* Dollar firmer against many of its major counterparts
* Upside inflation surprise helps lift demand for USD
* All eyes on Fed meeting outcome and Yellen's press
By Ian Chua
SYDNEY, June 18 The U.S. dollar held onto modest
gains early on Wednesday, having risen broadly after U.S.
consumer prices recorded their largest increase in more than a
year in May.
The dollar index last stood at 80.607, having climbed
0.2 percent on Tuesday. Against the yen, the greenback reached a
one-week high of 102.25, while the euro retreated from a
one-week peak to $1.3547.
U.S. consumer price index rose 0.4 percent, double what
economists had expected, raising the risk that a separate
inflation gauge watched by the Fed also pushed higher in May.
The data came as U.S. Federal Reserve policy makers prepared
to conclude a two-day meeting.
"Almost all measures of U.S. price pressure are rising, and
the CPI shows the clear upswing," said Emma Lawson, senior
currency strategist at National Australia Bank in Sydney.
"With the U.S. labour market improving, and the Fed's other
mandate being stable prices, these type of inflation pick-ups
will make it difficult for the Fed to ignore."
The Fed is widely expected to chop another $10 billion from
its monthly bond purchases, but is considered unlikely to make
other concrete policy moves. The focus will be on Fed Chair
Janet Yellen's press conference for any clues to longer-term
plans for rates.
A recent Reuters poll found a majority of Wall Street's top
bond firms don't see the Fed raising rates before the second
half of next year.
Any indication that rates might be lifted sooner could spark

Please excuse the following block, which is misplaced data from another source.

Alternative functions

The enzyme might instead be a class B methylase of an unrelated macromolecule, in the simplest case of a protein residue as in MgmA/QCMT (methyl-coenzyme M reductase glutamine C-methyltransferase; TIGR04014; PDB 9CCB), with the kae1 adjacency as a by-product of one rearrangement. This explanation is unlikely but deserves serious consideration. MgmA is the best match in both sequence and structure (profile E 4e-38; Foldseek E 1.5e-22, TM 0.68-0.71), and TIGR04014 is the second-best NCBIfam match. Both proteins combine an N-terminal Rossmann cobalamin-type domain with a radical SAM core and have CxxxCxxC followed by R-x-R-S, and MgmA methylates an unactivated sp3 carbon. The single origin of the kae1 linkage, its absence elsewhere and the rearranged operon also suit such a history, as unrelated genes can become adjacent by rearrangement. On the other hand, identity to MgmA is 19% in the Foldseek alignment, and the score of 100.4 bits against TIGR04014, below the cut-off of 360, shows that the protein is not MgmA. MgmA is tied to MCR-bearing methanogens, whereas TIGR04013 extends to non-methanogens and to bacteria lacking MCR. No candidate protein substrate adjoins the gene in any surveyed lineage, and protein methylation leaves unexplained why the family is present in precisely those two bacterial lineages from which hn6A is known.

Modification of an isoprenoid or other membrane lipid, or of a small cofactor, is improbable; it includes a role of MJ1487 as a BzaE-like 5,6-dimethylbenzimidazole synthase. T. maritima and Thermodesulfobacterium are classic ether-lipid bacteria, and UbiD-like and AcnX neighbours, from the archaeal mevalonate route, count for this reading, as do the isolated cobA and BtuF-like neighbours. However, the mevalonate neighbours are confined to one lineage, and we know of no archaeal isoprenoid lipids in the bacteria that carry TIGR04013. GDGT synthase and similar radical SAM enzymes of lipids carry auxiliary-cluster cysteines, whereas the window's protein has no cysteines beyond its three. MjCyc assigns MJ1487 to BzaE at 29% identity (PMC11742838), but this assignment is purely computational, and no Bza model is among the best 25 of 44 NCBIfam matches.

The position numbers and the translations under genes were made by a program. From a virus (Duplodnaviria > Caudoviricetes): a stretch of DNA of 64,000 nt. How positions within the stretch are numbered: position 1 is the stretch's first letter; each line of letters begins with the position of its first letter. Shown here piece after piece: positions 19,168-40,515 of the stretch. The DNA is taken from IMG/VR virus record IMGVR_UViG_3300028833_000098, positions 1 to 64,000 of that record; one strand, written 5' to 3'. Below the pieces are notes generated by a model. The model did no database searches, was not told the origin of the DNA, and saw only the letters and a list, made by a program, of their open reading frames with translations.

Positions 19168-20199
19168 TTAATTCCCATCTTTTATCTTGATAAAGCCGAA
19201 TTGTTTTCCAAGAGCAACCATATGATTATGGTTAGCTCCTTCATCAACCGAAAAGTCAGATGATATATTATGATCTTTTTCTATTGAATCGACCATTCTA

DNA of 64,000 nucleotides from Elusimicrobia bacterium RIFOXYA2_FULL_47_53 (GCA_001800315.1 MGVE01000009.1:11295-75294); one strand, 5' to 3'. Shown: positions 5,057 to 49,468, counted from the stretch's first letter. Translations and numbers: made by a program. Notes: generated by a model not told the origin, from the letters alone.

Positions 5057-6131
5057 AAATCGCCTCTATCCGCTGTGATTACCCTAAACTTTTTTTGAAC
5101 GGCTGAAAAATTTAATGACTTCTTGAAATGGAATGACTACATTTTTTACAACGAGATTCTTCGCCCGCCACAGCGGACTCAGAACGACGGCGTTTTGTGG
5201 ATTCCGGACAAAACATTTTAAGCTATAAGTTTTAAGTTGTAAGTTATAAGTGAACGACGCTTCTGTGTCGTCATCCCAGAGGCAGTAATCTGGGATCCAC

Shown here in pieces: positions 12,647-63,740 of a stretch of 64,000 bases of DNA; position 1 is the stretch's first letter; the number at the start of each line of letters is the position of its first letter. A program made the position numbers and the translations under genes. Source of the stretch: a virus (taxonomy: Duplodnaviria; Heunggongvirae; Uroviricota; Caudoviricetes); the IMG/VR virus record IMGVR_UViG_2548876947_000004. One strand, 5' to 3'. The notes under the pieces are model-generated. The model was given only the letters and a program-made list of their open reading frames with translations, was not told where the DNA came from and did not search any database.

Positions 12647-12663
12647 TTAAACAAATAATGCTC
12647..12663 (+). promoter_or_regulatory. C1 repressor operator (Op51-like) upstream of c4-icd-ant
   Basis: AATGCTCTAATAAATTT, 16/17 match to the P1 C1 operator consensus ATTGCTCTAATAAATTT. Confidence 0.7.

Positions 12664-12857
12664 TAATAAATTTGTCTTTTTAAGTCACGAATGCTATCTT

a rally in the U.S. dollar.
"Our economics team expects the Fed will, in fact, deliver a
more hawkish message," analysts at BNP Paribas wrote in a note
"The statement is likely to upgrade views on inflation and
the labour market and the projections of future Fed funds rates
are likely to show a creep higher relative to those presented in
In contrast, minutes of Australia's central bank June 3
meeting were more dovish than expected.
Released on Tuesday, the minutes showed policy makers
predicted subpar economic growth for the whole year ahead and
reiterated the central bank's preference to keep interest rates
low for some time to come.
That knocked 0.7 percent off the Australian dollar, which
dipped to $0.9337, about a full cent off a two-month
peak hit just a week ago.
Traders see initial support in the 0.9320/30 zone, an area
that provided a base in early May and then turned resistance
after the Aussie broke decisively lower in mid-May. The level
also represents the 50 percent retracement of its most recent
rally from $0.9229 to $0.9348.
There is little in the way of major economic data out of
Asia on Wednesday, leaving the focus firmly on the outcome of
the Fed meeting.
(Editing by Shri Navaratnam)